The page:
Home Tags Covington
When I was a kid, one of the few salves for the end of the summer and the beginning of another long school year was the St. Tammany Parish Fair in Covington, Louisiana. There was always that sense of anticipation and excitement as the weather cooled and eased into fall, the days growing shorter, a feeling that things were changing.
In early September, Sterigenics stopped production in its facility near Smyrna after it was accused of emitting ethylene oxide (a carcinogenic chemical compound used during the sterilization process) near residential neighborhoods. Near Covington, a Becton Dickinson facility that uses ethylene oxide, followed suit. Here’s where things stand.
What film studios will boycott Georgia over the abortion law? And what will those boycotts accomplish? We break down what has happened in Georgia's film industry so far since Governor Brian Kemp signed HB 481, the "heartbeat bill," into law.
Anyone who’s watched an episode of The Americans, the FX series about Russian spies living undercover during the Cold War, has gotten a taste of the life Jack Barsky lived for more than 10 years as what U.S. intelligence called an “illegal.”
The couple behind H. Harper Station recently launched a new hospitality consultancy called Flying Pig Hospitality. One of their first projects is consulting on City Pharmacy, a new restaurant located in an actual former pharmacy in Covington's downtown square that dates back to the late 1920s.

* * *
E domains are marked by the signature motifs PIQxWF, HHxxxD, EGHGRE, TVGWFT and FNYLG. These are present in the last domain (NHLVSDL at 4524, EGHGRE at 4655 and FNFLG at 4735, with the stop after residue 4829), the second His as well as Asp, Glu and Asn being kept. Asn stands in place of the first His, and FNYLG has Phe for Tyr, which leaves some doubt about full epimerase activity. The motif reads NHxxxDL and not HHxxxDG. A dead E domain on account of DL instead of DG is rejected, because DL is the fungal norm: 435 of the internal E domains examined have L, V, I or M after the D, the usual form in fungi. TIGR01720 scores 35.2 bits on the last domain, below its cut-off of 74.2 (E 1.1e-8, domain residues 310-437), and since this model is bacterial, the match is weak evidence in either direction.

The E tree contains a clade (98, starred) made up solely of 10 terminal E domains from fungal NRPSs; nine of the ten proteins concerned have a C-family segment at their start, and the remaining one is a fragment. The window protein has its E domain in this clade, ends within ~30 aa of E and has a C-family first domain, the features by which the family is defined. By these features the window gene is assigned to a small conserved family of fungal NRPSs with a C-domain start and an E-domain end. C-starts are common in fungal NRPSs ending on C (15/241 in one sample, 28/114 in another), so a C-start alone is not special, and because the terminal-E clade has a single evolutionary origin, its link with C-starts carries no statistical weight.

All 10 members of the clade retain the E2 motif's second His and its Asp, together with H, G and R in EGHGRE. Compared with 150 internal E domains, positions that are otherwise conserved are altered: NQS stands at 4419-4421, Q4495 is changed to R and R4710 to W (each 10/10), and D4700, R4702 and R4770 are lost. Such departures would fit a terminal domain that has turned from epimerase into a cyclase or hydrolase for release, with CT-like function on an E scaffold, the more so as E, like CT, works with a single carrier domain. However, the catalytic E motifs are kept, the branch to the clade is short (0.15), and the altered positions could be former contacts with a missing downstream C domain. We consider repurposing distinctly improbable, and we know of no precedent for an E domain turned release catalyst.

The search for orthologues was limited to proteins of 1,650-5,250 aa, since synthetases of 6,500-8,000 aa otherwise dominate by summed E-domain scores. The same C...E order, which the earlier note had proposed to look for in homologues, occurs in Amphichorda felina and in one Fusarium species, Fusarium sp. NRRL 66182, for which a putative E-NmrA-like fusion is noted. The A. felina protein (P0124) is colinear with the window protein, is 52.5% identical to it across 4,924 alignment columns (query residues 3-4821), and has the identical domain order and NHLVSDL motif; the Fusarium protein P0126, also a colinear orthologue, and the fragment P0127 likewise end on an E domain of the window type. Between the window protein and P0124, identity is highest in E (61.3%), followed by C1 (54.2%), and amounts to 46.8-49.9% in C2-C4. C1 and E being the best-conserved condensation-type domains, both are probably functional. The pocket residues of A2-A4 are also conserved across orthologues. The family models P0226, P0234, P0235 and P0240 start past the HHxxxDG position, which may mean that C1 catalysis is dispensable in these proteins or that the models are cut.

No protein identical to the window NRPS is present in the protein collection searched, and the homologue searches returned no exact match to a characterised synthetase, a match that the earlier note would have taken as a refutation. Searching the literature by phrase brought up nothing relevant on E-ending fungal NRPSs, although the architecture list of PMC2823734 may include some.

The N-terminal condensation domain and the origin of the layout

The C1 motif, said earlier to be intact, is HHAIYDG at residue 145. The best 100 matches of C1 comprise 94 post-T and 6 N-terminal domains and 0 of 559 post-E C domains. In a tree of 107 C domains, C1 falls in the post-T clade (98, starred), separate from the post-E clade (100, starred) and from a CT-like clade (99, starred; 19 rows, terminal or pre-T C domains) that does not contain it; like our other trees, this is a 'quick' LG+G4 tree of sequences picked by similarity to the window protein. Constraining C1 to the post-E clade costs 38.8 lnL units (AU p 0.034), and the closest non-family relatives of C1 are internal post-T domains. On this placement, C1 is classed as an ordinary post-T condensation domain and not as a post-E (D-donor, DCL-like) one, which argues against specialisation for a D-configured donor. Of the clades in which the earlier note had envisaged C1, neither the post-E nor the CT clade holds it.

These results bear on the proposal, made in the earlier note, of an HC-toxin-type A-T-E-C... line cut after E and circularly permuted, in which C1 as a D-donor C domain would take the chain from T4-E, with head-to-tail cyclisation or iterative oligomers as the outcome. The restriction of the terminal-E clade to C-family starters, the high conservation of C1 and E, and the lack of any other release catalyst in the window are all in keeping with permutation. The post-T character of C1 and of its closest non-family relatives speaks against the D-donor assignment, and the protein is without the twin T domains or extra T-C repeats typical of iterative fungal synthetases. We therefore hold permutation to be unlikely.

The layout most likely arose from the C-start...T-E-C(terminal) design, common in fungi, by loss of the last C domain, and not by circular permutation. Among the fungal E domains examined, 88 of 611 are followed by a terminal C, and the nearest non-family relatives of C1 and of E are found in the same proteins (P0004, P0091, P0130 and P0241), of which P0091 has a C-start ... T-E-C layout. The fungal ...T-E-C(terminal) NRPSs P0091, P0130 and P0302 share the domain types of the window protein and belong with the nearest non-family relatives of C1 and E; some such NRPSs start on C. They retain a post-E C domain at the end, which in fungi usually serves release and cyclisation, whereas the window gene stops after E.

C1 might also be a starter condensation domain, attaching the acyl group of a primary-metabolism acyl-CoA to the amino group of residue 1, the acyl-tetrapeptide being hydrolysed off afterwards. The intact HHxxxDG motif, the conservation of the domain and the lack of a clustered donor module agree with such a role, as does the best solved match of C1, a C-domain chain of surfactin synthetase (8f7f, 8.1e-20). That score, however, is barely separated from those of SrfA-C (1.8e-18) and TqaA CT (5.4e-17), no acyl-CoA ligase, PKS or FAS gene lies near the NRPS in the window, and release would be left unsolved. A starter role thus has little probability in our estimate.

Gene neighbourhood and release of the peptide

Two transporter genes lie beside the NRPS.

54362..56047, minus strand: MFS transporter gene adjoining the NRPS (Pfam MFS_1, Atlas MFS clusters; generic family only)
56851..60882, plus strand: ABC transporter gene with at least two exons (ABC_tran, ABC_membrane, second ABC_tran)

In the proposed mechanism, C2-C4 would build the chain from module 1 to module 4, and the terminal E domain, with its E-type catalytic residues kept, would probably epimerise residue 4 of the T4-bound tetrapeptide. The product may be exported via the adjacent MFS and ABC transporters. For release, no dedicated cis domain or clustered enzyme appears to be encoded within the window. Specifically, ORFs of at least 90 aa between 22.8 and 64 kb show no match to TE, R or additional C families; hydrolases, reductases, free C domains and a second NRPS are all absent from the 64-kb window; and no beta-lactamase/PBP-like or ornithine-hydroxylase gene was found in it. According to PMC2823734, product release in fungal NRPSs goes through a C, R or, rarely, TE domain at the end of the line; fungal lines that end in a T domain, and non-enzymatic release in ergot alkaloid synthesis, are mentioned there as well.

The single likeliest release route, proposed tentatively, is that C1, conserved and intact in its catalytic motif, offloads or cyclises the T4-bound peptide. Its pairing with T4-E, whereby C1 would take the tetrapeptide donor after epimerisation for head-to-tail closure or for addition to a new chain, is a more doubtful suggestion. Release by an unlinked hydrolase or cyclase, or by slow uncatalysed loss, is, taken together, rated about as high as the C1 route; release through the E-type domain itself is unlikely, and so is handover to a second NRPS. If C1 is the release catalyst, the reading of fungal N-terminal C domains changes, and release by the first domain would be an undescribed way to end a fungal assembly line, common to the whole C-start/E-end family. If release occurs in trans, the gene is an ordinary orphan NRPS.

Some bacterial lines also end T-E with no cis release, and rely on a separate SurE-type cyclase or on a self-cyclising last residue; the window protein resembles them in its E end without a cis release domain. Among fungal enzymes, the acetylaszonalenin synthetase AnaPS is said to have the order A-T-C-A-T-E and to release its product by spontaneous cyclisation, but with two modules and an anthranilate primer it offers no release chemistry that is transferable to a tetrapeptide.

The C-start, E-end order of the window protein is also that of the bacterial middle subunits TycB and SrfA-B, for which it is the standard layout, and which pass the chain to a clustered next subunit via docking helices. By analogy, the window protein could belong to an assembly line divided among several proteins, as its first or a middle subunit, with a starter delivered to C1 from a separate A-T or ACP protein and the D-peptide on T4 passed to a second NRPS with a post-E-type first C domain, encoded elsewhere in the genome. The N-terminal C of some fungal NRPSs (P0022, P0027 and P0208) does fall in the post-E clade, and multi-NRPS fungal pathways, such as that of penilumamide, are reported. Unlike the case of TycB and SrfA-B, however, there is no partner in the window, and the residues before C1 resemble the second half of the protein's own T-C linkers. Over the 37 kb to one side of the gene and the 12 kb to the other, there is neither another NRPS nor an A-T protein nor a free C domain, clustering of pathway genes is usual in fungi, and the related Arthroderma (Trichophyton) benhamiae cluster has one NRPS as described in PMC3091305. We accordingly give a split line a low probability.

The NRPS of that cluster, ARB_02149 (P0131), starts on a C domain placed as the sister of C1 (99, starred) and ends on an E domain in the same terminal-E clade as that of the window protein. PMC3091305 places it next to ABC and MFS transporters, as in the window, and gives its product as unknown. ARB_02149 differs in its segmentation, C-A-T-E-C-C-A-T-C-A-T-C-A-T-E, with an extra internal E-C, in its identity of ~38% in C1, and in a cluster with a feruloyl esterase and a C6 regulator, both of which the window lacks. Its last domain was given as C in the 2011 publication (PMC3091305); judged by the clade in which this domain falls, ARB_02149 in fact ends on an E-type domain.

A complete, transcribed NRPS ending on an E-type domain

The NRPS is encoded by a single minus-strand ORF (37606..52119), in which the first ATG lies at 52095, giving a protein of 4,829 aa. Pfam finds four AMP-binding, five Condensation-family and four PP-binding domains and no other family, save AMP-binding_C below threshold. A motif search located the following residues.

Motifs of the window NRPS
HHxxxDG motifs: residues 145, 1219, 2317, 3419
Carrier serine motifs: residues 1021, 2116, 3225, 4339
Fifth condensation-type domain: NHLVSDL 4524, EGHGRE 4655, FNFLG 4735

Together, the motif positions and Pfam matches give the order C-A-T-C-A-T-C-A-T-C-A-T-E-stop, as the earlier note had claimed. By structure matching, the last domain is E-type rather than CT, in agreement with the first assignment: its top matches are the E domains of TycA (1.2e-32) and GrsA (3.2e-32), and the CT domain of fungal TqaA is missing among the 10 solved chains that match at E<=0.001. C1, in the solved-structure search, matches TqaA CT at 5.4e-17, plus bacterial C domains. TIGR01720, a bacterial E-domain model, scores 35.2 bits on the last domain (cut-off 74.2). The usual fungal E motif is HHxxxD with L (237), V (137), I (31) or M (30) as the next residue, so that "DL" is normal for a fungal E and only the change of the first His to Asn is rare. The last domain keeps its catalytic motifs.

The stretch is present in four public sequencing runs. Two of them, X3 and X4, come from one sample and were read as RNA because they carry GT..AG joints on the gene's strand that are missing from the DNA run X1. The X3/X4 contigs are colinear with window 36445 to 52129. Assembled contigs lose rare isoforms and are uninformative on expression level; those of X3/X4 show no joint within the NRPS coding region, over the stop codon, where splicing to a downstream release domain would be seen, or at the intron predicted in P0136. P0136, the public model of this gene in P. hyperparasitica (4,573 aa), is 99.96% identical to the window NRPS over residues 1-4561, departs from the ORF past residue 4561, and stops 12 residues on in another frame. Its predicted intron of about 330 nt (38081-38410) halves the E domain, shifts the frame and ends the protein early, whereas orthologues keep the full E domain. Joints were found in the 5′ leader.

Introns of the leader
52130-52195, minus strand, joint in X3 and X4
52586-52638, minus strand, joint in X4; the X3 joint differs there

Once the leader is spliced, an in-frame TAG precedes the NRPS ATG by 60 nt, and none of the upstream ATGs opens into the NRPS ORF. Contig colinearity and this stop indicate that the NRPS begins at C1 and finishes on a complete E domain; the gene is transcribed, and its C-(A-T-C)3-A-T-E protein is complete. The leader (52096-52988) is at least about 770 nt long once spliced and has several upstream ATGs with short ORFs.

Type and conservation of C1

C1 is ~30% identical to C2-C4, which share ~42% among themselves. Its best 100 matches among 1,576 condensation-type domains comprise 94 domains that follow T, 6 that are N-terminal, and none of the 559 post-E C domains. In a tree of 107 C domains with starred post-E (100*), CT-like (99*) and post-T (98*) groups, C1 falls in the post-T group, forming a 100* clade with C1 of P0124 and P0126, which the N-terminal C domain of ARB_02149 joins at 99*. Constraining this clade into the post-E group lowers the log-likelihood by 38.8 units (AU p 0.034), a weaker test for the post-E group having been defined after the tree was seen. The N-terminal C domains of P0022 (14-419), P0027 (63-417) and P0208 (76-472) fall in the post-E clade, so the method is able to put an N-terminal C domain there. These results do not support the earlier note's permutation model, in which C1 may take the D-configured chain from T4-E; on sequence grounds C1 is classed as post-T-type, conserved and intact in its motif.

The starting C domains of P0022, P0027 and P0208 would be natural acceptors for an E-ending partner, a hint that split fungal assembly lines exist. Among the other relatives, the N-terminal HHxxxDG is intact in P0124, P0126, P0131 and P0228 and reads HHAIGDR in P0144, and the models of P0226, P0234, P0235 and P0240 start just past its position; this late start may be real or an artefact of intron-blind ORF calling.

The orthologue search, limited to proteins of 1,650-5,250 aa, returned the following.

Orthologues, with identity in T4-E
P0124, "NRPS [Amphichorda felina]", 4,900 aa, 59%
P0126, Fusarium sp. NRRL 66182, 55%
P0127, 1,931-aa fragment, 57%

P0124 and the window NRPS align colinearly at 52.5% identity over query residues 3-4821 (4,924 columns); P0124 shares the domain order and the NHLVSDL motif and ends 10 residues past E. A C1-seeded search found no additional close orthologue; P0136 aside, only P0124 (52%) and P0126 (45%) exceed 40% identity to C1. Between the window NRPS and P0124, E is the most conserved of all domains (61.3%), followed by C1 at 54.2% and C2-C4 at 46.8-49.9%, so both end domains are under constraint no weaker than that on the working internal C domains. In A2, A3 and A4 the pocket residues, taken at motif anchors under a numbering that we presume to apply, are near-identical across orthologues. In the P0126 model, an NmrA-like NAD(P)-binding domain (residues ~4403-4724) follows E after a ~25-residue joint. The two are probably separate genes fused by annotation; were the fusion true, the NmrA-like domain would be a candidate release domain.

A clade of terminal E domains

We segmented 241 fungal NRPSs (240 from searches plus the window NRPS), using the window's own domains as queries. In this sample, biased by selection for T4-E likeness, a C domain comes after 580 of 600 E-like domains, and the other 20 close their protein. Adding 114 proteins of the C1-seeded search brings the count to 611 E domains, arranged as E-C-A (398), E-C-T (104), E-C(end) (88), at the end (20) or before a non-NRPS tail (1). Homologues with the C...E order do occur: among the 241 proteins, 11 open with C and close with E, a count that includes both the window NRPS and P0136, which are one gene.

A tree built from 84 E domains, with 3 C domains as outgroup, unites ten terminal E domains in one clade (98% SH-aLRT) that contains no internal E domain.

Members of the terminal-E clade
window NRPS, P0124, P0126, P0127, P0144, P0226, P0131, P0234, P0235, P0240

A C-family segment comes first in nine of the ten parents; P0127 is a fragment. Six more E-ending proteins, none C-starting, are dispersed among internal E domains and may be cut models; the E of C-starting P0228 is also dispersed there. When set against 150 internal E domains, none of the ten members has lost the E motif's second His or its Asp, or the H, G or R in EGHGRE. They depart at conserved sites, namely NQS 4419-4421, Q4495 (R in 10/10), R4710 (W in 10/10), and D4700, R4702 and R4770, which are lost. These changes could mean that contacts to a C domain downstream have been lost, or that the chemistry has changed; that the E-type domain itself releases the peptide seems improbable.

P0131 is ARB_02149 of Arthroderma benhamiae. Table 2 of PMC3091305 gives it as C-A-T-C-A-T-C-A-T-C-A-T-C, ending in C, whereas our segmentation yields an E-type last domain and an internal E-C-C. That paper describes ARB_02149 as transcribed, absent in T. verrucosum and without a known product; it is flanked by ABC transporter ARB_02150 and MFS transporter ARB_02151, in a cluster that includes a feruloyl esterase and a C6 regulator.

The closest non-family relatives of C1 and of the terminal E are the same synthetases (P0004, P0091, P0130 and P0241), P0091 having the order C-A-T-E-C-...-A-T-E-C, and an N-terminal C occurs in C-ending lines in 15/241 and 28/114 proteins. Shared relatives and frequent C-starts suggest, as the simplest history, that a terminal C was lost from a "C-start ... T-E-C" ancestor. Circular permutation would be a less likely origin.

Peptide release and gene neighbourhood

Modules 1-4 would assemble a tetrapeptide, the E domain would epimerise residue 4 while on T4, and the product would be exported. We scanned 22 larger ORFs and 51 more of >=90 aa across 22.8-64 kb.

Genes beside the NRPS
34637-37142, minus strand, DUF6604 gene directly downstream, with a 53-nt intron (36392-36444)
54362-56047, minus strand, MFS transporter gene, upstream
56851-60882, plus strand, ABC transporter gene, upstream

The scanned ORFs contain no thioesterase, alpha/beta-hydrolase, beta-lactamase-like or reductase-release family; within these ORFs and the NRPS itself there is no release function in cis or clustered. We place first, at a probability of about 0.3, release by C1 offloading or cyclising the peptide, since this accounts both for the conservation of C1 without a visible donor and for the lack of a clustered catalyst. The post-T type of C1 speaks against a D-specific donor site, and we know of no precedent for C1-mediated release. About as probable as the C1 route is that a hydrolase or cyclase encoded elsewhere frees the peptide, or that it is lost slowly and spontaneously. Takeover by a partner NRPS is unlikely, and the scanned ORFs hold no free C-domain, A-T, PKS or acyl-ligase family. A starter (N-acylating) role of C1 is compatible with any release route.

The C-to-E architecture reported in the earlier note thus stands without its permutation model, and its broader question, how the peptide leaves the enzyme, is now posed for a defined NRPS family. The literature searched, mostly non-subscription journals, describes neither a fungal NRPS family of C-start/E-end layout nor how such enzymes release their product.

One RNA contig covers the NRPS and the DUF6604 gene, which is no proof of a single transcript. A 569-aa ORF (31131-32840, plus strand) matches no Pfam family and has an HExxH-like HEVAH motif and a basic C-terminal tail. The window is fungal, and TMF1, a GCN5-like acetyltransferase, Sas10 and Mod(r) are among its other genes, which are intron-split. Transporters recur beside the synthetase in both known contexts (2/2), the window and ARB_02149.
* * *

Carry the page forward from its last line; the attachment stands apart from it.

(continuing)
Each summer, faithful flock to Covington, Georgia for one of the country’s oldest Christian revivals
Salem Camp Ground in Covington, site of one of the country’s oldest Christian revivals, started out as a brush arbor—a few poles draped with tree branches to give worshipers shade from the summer sun. That was in 1835. The Civil War was still a generation away. Covington was a new town with a fledgling square a few miles down the road from Salem.
As tonight’s rehearsal begins, Nadia sits in the shadows, chin on her prop drumstick as she pantomimes the words being sung onstage. Toward the end of act one, she gets her cue—Maureen’s solo, “Over the Moon.”
Judge Horace J. Johnson Jr. sits behind a desk covered with case files, in the shadow of a 12-foot wall lined with law books thick as bricks. A mountain of words. He prepared yesterday for the civil docket he’ll preside over today: divorces, separations, child custody issues.
12Page 1 of 2